The Challenge

The Challenge

Don’t get lost in your pain, know that one day your pain will become your cure. - Rumi

This month, I have been diving deep into a lifelong goal of mine: to become a certified yoga teacher! I have been practicing yoga since I was 10 years old, and it has always been a dream of mine to embody the practice in a way that I can share its deep history and powerful conditioning with clients and patients.

For a long time, this was to be a dream I carried, but couldn’t conceive. From childhood, I carried the symptoms of my fight with spinal meningitis. Most days I had a feeling as if the left and right halves of my body could not coordinate. My left side kept lagging behind and the exhaustion I felt trying to force graceful movement became overwhelming. I knew there was no way I could complete a yoga teacher training, let alone demonstrate postures when I couldn’t depend on how my body would act. So I put this dream on the shelf and moved on.

While I was still in the first year of my chiropractic training, I developed a new symptom called motor apraxia, a condition where you find yourself unable to complete a motion, despite having the muscle strength to do so. The communication pathway from brain to body simply doesn’t fire. In my case, I couldn’t control my left arm and leg with any speed and coordination - a real problem with everyday movement and balance. 

A poignant moment came at my “White Coat” ceremony. A joyfully observed occasion when we signify our educational shift to clinical care by ceremonially receiving our white doctor’s coats from faculty and advisors. Simple as the ceremony was: walk up a set of stairs, cross the auditorium stage, get coat, walk down stairs, I was incredibly nervous. For months now, I had a tendency to weave back and forth like I had had a few too many to drink. I had been so uncertain of my steps that I had not been able to walk up and down stairs without holding tight to the handrail. While my classmates were bounding up and down the stairs and striding across the stage, I was terrified of tripping, falling, running smack into the Dean of Clinic Studies.

I lay awake at night haunted by the thought “If this was me at 28, what on Earth would my life look like at 82? How fast will I keep deteriorating?”

The good news is: You can make the story change. 

Six months later, I was finally in the care of a doctor who could help balance both sides of my brain. He taught me my weak spots and how to fix them, but I had to do the work. I had to slow down and fundamentally change the way I moved my body, undoing nearly three decades of movement patterns and clever compensations.

The very challenge that pushed me to work so hard, is what taught me I can make it through anything. The challenge is the gift. The challenge taught me that movement is freedom, relentless determination pays off, and that I must own my journey.

Now, at 33 I am no longer afraid of how my body will age. I am too busy taking back all the movement I had outsourced. I am learning to sequence and cue yoga postures, and more importantly, strengthening my legs and my core so I can walk up and down a flight of stairs holding my two-year-old instead of the handrail.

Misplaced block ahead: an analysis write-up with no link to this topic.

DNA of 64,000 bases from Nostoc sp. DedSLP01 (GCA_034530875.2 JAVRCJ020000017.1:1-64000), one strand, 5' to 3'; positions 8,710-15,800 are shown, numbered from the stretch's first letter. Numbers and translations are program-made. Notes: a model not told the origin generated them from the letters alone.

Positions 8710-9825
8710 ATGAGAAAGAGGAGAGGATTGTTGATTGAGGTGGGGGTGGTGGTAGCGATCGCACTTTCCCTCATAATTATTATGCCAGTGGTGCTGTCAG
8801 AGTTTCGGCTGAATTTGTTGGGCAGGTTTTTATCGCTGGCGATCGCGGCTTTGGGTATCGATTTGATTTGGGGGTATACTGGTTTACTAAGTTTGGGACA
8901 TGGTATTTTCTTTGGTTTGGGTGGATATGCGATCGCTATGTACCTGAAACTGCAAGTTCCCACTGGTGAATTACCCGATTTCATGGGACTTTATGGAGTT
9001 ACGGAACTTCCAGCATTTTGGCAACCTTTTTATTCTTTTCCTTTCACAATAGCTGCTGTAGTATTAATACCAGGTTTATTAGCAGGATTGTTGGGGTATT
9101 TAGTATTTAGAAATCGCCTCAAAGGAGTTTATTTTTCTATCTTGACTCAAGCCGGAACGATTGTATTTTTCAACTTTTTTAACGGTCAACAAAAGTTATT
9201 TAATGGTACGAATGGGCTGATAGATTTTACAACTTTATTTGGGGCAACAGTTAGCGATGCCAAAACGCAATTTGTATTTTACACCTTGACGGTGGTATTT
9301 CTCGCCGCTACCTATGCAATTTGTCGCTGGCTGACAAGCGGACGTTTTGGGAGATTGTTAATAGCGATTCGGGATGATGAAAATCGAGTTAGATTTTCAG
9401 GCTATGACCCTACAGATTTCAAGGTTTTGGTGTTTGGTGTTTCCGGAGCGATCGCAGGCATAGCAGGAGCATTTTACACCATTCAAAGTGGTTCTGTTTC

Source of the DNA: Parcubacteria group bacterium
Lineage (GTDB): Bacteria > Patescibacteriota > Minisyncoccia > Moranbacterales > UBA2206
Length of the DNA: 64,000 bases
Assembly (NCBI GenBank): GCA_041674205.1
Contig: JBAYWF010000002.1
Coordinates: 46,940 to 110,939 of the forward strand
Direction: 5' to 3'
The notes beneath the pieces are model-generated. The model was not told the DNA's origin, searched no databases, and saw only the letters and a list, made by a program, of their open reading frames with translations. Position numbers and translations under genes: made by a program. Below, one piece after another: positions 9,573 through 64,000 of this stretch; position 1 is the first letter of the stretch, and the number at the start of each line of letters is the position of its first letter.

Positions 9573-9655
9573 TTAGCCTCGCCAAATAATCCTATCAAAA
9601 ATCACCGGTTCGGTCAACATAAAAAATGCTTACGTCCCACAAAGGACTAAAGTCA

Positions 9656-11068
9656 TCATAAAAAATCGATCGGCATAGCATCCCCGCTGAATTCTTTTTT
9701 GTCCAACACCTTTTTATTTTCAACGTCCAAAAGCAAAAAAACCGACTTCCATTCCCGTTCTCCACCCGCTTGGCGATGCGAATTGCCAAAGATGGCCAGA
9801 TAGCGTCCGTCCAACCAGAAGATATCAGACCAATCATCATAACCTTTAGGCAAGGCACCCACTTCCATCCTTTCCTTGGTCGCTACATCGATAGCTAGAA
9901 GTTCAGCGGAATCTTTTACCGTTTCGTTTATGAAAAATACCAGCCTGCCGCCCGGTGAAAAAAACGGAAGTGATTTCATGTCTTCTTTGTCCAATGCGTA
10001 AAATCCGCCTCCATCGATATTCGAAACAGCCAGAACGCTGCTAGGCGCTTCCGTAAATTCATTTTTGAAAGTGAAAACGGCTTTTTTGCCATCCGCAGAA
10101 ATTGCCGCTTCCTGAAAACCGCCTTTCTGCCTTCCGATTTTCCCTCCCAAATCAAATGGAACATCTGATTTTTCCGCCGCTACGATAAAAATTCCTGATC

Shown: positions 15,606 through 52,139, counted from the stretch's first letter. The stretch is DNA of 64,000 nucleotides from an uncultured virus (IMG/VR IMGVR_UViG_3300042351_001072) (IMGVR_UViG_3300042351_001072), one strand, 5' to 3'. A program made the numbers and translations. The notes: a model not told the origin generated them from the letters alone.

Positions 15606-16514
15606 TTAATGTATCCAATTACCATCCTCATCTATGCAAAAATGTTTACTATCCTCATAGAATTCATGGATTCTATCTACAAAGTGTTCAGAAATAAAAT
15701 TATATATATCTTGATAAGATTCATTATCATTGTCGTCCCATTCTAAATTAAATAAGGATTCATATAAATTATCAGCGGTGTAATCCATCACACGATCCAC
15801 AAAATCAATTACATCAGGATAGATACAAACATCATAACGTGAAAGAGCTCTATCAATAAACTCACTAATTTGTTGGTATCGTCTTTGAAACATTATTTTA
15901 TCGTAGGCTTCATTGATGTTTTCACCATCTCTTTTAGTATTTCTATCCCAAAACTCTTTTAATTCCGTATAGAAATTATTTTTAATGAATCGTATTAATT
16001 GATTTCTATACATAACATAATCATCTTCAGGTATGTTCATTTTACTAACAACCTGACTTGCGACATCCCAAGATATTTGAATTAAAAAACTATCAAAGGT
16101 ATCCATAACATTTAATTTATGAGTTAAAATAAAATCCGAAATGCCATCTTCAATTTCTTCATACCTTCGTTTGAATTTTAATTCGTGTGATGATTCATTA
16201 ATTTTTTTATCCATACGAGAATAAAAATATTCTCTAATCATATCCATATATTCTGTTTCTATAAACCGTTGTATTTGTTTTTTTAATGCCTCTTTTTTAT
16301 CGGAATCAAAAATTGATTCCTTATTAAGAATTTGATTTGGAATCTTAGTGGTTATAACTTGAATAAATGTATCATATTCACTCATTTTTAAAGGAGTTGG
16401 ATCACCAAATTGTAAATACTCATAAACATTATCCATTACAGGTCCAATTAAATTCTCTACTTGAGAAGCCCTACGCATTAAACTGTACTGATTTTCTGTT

Always in service,

Dr. Carly

Love Your Progress

Love Your Progress

It is now February 1, 2019 and statistically, 80% of the well intentioned New Year’s Resolutions have failed. Without getting too creative, I bet we can all list at least three phrases that follow a failed goal:

“I fell off the bandwagon.”

“I failed.”

Or the most gut wrenching of all… “I suck.”

The problem I have with these ever shaming taglines to mistakes is that they mark what should be a moment in time, a permanent failure. There is no Trope or Hat Tip to the honorable grit of dusting yourself off and picking back up again.

“I suck. I can’t.” That’s it. Aside from the damaging effects of shame and personal condemnation, phrases like this don’t solve anything. They create no movement, and allow for no growth.

What if, instead, we take a more global look at the why of it all? Or to put it a nerdier way: Turn Bad Days into Good Data.

Resolved to attend an after work HIIT class 3x a week, but just haven’t made it happen? What’s the good data that comes from a moment of not following through? Now we have questions and solutions. And yes, this comes with personal responsibility for not taking failure as an option.

Forgetting your change of clothes? Pack your bag the night before.

Always run down by 5:00? Grab a high fat, high protein snack for a 3:00 pick me up.

Can’t make it on time? Is there another gym or another time that doesn’t conflict as much?

Don’t want to go when it’s time? Change trajectory, maybe HIIT isn’t for you, but Pilates is!

Your back hurts and you feel you can’t keep up? Your body is telling you, you need support. Call for backup (ie. your Chiropractor, Personal Trainer, PT, or massage therapist)!

When we take time to ask questions and see every missed opportunity as a way to learn, we can slowly but surely move the needle on our health. This turns large rocks into manageable pieces, and those manageable pieces are transformed into the habits and values you can embrace.

“I tried!”

“I can!”

“I did!”

Don’t settle for all or nothing in your health. Stay curious and observe what’s making your choices difficult. Love yourself enough to know you can grow beyond these difficulties if you give yourself the right tools, support, and a little grace.

Always in Service,

Dr. Carly